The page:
Phoney businessmen smuggled huge haul of cocaine direct from Colombia on board private jet

Fboro plane 380x22523rd August 2018
Four men who hired a private jet to smuggle half a tonne of cocaine into the UK from Colombia have been jailed for a total of 92 years following a National Crime Agency investigation.

Today following a four week trial at Woolwich Crown Court, a jury found the four men guilty of the importation of class A drugs.

Martin James Neil, 49, Alessandro Iembo, 28, both from Bournemouth and Spanish national, Victor Franco-Lorenzo, 40, were sentenced to 24 years each.

Jose Ramon Migueles-Botas, 56, also a Spanish national was sentenced to 20 years.|
A fifth man, who was also on trial - Stephen Neil, brother of Martin - was found not guilty.

They were arrested in January 2018 following the class A seizure by Border Force officers at Farnborough Airport.

The cocaine, which was 79% pure, had a wholesale value of £15,390,000 and an estimated street value of £41,040,000.

The seizure sparked an NCA investigation into the crime group and a parallel investigation in Colombia, where a further five people were arrested.

The UK group had posed as businessmen involved in the world of crypto currency and the music industry to hire the jet, claiming they were travelling to Bogota to see Bruno Mars.

The trip was organised with Diamonte Jets by a female associate who arranged for the five men to fly out to Colombia on 26 January 2018 and paid the £138,500 for the hire of the jet in cash. She requested that a specific company, Central Charter, handle the flight on arrival in Bogota.

NCA investigators identified that the associate had arranged an almost identical trip for three members of the crime group in December 2017, the only difference being the jet made a stop in the Azores on its return journey.

In the build up to the January trip, Jose Ramon Migueles-Botas travelled to the UK from Spain and checked in to the Premier Inn hotel in Bournemouth, close to where Martin Neil and Alessandro Iembo were living at the time.

On 25 January, they all travelled to the Chelsea Harbour Hotel, London, where they stayed the night.
The next day, luxury cars arrived to take them, along with their 12 suitcases, to Luton Signature Airport where they boarded the private jet to Colombia.

Colombian police identified that the Bogota-based criminals used a range of tactics intended to help the illegal transaction go undetected, including the use of armoured vehicles to transport the drugs and a bogus policeman with fake sniffer dog to ‘inspect’ the luggage before it was re-loaded onto the plane.

The group flew back to Farnborough Airport in Hampshire three days later, at which point their now 15 suitcases were selected for further inspection by Border Force officers.

The officers conducting the search recovered 513 individually wrapped blocks of cocaine. All four men claimed they were unaware the drugs were in their cases.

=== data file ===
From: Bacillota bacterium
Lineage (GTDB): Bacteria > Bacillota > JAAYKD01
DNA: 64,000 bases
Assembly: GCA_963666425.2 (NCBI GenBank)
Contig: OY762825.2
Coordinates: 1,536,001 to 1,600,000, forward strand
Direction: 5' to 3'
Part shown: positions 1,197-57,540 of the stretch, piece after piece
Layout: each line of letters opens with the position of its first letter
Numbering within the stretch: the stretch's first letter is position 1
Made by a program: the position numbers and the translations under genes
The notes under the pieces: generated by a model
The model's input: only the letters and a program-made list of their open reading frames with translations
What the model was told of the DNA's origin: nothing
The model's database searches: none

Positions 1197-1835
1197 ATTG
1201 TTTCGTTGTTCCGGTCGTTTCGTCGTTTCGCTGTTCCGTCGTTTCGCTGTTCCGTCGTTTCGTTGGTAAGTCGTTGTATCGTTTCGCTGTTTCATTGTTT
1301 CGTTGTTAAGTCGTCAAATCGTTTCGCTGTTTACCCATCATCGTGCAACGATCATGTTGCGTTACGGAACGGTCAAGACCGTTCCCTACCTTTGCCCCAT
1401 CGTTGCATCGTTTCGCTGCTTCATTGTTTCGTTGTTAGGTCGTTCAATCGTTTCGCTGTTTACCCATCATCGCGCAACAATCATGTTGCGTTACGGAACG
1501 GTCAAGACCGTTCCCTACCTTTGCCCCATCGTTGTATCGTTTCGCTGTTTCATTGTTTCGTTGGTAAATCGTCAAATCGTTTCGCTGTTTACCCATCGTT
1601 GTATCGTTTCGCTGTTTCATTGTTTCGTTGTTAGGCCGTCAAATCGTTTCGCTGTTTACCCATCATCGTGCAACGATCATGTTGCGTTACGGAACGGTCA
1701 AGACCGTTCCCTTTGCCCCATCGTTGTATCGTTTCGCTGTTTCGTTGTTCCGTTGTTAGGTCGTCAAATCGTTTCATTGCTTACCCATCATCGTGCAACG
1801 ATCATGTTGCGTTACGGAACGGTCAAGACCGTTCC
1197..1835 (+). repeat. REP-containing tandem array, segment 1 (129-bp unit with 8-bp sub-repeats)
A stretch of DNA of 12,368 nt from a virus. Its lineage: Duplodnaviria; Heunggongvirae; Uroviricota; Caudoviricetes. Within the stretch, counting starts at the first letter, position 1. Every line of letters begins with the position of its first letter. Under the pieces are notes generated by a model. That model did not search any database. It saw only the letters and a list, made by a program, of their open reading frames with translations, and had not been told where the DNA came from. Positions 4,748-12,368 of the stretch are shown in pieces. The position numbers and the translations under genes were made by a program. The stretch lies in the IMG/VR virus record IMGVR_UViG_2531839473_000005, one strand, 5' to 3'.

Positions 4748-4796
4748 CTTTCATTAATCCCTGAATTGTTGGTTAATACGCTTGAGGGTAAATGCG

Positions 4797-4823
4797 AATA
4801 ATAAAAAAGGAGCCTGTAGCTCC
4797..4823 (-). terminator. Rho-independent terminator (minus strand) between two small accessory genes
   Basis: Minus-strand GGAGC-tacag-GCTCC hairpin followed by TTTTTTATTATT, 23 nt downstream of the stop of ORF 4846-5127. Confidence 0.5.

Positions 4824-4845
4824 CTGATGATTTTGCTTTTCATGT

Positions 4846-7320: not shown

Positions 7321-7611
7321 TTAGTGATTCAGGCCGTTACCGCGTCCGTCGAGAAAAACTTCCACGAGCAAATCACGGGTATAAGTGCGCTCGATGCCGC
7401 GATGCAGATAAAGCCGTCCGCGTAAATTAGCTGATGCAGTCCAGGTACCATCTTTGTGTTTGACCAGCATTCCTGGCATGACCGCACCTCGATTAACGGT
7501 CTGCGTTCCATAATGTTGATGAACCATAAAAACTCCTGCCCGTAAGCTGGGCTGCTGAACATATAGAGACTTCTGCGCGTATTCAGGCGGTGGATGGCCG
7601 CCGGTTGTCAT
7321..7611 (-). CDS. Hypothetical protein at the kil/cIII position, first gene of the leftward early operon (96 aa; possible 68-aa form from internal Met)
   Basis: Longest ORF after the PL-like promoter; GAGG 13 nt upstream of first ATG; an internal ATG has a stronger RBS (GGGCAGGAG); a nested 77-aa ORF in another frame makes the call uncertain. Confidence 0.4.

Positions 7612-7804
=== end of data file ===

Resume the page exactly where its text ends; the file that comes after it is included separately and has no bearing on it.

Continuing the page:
Officers also seized multiple mobile phones from them, one of which was an encrypted, self-wiping phone belonging to Iembo. Call data recovered from the phones would later tie them all to each other and the conspiracy.

Ian Truby from the National Crime Agency said:

“These men deviated from their seemingly normal lives as bricklayers and waiters to play high-flying businessmen, using luxury cars, hotels and even a private jet to try and pull off a plot they thought would make them millions.

“Although this was not a particularly sophisticated smuggling attempt it clearly had significant financial backing. The loss of profit that would have been made from this seizure will be a huge hit to the wider criminal networks involved.

“Some, if not all, of these drugs were destined to be sold here in the UK by gangs who enforce control using violence, intimidation and exploitation.

“This group had no thought for the damage their actions would cause and even pretended they made the trip to carry out charity work.

“This was undoubtedly a significant seizure made by our Border Force colleagues. Together, we work tirelessly to protect the integrity of the UK border, targeting those who seek to exploit perceived vulnerabilities and bring them to justice.”

Deputy Director Monique Wrench, from Border Force Heathrow’s Crime Command, said:

“This was a major detection by expert Border Force officers, taking a huge quantity of Class A drugs out of circulation and keeping them off the streets of the UK.

“Border Force’s intervention was the crucial first step that led ultimately to these four convictions at Woolwich Crown Court.

“The seizure is testament to the success of the intelligence-led, targeted approach that Border Force takes to its customs responsibilities.”

The Government's Serious Violence Strategy, which was launched in April, aims to combat the devastating impact drugs have on levels of serious violence.

 It also highlights a strong link between drugs and serious violence and the related harm and exploitation from county lines. The Government has set out the action it will take to tackle this violent and exploitative criminal activity. The action of Border Force to stop drugs before they get into the country forms a key part of this work.

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